None of Iowa’s ardor for Bachmann in N.H.

HILLSBORO, N.H. — Rep. Michele Bachmann leads the House Tea Party Caucus, but for New Hampshire tea partyers, Rep. Ron Paul appears to be the GOP presidential candidate of choice.

The congressman from Texas torched his competition in a straw poll of taxpayer activists.

Mr. Paul’s strong showing in the straw poll at last weekend’s Coalition of New Hampshire Taxpayers (CNHT) gathering is another reminder of how Mrs. Bachmann’s path to victory here is murkier than in Iowa, where her reputation as a religious conservative and tea party leader is proving to be a natural fit.

“I think she does have a problem,” said former Sen. Judd Gregg, a Republican powerbroker in New Hampshire who said the winner of his state’s primary will need to break out of that mold. “In this race, you already have three or four people who’ve tried to gather a constituency that isn’t that large to begin with; it probably doesn’t break 20 to 25 percent of the electorate. So you have to get outside that constituency — especially in New Hampshire.”

Mrs. Bachmann, who formally announced her candidacy late last month, has ascended in national polls. A Quinnipiac Poll released Wednesday showed her support “zooming” from 6 percent to 14 percent, good enough for second place behind former Massachusetts Gov. Mitt Romney with 25 percent in the same poll.

She is the front-runner in Iowa, where polls suggest she is on the same political wavelength as self-identified tea partyers and religious conservatives.

But to win the nomination, Republicans said, she will have to broaden her appeal beyond those voters or risk repeating the performance of 2008 presidential candidate Mike Huckabee. The former Arkansas governor won the Iowa caucuses on the strength of his social conservative leanings, but he came in third in New Hampshire. His campaign petered out as the primary calendar continued.

Meanwhile, New Hampshire’s winner, Sen. John McCain, eventually won the GOP nomination by appealing to voters nationwide on a range of national security, pro-life, fiscal and electability issues.

The structure of the two contests matters, too. Iowa’s caucuses attract committed GOP activists willing to turn out for several hours on a usually frigid January night. In New Hampshire, voters go to the polls throughout the day just as with any other election. So while the state has less than half the population of Iowa, turnout can be double that of the caucuses.

“There is a night-and-day difference between Iowa and New Hampshire,” Manchester Mayor Ted Gatsas said, adding that New Hampshire voters like to meet candidates multiple times.

“In New Hampshire, it’s, ‘I want to talk to you, know what you say and make sure it’s the same thing you say the third time I meet you,’ ” he said.

Mr. Gatsas said that while most of the field has reached out to him, Mrs. Bachmann has not. He also said he didn’t get the sense she had laid much groundwork in the state’s largest city.

Mrs. Bachmann’s campaign didn’t respond to messages seeking comment.

Some New Hampshire voters got their first look at her in March when she confused the state’s role in the Revolutionary War with that of neighboring Massachusetts, saying the Granite State was “where the shot was heard around the world in Lexington and Concord.”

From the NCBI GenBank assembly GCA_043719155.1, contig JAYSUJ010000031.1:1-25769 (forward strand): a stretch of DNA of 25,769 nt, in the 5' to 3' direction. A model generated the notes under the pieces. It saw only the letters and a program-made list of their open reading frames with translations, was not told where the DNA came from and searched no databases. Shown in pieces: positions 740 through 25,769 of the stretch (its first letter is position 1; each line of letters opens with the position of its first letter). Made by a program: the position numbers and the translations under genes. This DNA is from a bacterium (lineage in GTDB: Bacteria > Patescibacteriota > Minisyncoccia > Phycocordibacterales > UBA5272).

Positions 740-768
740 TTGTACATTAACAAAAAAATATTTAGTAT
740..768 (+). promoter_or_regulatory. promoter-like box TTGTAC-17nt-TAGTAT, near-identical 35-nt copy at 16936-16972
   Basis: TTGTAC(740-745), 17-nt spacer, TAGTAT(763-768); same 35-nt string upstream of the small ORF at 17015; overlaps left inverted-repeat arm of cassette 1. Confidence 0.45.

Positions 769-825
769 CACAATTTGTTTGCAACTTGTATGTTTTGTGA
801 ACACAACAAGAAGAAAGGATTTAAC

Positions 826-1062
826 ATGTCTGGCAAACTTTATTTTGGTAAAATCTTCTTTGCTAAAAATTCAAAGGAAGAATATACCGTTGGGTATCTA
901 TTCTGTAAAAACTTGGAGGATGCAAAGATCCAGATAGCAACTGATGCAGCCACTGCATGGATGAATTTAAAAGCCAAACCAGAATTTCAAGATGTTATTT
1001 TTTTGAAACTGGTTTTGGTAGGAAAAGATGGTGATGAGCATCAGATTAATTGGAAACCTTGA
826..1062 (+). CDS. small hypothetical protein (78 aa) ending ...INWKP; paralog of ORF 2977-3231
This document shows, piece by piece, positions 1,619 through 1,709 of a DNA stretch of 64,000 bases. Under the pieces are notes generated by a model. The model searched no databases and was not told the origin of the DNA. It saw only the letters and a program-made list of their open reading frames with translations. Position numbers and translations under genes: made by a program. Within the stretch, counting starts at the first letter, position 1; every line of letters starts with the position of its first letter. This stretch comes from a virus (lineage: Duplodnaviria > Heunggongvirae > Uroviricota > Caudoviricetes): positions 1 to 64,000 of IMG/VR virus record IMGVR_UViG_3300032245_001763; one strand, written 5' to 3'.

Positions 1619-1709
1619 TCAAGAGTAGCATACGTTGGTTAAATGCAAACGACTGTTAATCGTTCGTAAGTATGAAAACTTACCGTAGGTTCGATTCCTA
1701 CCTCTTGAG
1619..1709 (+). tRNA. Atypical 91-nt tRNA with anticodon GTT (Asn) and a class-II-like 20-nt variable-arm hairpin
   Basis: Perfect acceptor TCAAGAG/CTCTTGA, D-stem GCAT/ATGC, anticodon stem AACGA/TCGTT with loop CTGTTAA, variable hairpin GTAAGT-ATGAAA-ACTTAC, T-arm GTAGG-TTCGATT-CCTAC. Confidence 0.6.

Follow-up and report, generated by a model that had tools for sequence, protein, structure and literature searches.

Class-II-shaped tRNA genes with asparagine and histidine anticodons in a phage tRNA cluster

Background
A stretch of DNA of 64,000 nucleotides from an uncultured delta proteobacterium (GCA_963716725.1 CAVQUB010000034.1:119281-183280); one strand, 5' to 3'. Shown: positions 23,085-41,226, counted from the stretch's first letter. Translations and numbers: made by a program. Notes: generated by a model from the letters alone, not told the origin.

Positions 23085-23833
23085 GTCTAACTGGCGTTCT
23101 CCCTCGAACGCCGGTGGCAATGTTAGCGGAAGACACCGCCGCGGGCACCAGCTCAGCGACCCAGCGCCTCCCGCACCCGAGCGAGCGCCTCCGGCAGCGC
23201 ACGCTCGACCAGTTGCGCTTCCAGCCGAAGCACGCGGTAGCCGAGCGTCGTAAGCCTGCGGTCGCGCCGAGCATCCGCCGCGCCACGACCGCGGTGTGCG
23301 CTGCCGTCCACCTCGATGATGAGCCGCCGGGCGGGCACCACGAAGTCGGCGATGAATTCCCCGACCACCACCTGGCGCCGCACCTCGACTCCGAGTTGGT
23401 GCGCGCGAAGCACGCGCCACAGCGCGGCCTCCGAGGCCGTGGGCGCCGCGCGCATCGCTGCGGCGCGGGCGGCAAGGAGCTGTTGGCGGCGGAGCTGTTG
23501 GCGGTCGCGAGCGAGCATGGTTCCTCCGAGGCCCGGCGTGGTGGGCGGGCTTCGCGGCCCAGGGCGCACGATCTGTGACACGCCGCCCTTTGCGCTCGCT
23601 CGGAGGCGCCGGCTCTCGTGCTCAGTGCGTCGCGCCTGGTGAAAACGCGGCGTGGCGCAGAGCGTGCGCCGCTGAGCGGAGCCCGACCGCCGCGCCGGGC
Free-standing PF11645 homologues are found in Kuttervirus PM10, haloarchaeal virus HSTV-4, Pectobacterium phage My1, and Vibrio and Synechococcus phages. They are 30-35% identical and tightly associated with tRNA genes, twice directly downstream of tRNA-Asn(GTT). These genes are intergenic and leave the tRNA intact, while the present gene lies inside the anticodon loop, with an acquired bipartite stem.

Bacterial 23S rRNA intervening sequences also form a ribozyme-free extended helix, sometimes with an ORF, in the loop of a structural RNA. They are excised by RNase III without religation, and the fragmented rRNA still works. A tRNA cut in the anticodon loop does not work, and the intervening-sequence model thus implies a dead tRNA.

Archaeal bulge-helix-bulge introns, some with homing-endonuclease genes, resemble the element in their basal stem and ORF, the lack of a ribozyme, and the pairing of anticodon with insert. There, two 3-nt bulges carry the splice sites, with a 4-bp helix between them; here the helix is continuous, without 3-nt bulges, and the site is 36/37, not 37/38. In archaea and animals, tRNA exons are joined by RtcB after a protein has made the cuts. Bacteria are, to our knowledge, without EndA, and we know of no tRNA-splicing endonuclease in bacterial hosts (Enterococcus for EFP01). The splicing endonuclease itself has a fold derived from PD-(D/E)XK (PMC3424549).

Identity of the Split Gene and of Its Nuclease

But the mother of five rebounded from the gaffe with a strong showing at the presidential debate at St. Anslem College last month, winning praise from many state Republicans, who said she likely helped erase some lingering doubts about whether she was ready for prime time.

“We all know she is a huge proponent of getting back to the constitutional values, small government, and she understands spending is out of control,” said Jack Kimball, state GOP chairman. “I think the message she is putting out is resonating.”

Her debate performance and surge in the polls have led to speculation that she can be the “anyone-but-Romney” candidate, taking over the mantle of the hard-line conservative in the race.

The Democratic National Committee has not taken the same interest in Mrs. Bachmann that it has in Mr. Romney, but media scrutiny is increasing — particularly on questions about how the clinic her husband runs in Minnesota treats gay patients.

Her GOP opponents are beginning to take shots at her experience. Former Minnesota Gov. Tim Pawlenty, on NBC’s “Meet the Press” last weekend, called her record of accomplishment in Congress “nonexistent.”

“The downside for someone in the legislative body is that it’s hard to discern what kind of executive leadership skills they bring to the office,” said Ovide Lamontagne, a conservative powerbroker in the state who is flirting with a gubernatorial bid next year.

Mrs. Bachmann faces other challenges, too. She is trying to break through the glass ceiling to become the first female Republican nominee, and to become the first House member to jump directly into the White House since James A. Garfield pulled off the feat in 1880.

Joe McQuaid, the influential publisher of the Manchester Union Leader, called Mrs. Bachmann a “strong” and “attractive” candidate, but predicted that if Texas Gov. Rick Perry enters the race, he’ll be the conservative alternative next year.

“Unless Gov. Perry is a real dud, I think he is going to get a lot of that conservative action that is non-Romney,” Mr. McQuaid said.

Mr. Lamontagne said that the governors in the race — Mr. Romney, Mr. Pawlenty, Jon Huntsman Jr. of Utah and perhaps Mr. Perry — can talk about decisions they made in the executive branch.

“You don’t have that benefit as a person in the legislative branch of government,” he said. “So, that’s a little bit of a tough sell to overcome. [Mrs. Bachmann] has to show people what she would do as an executive.”

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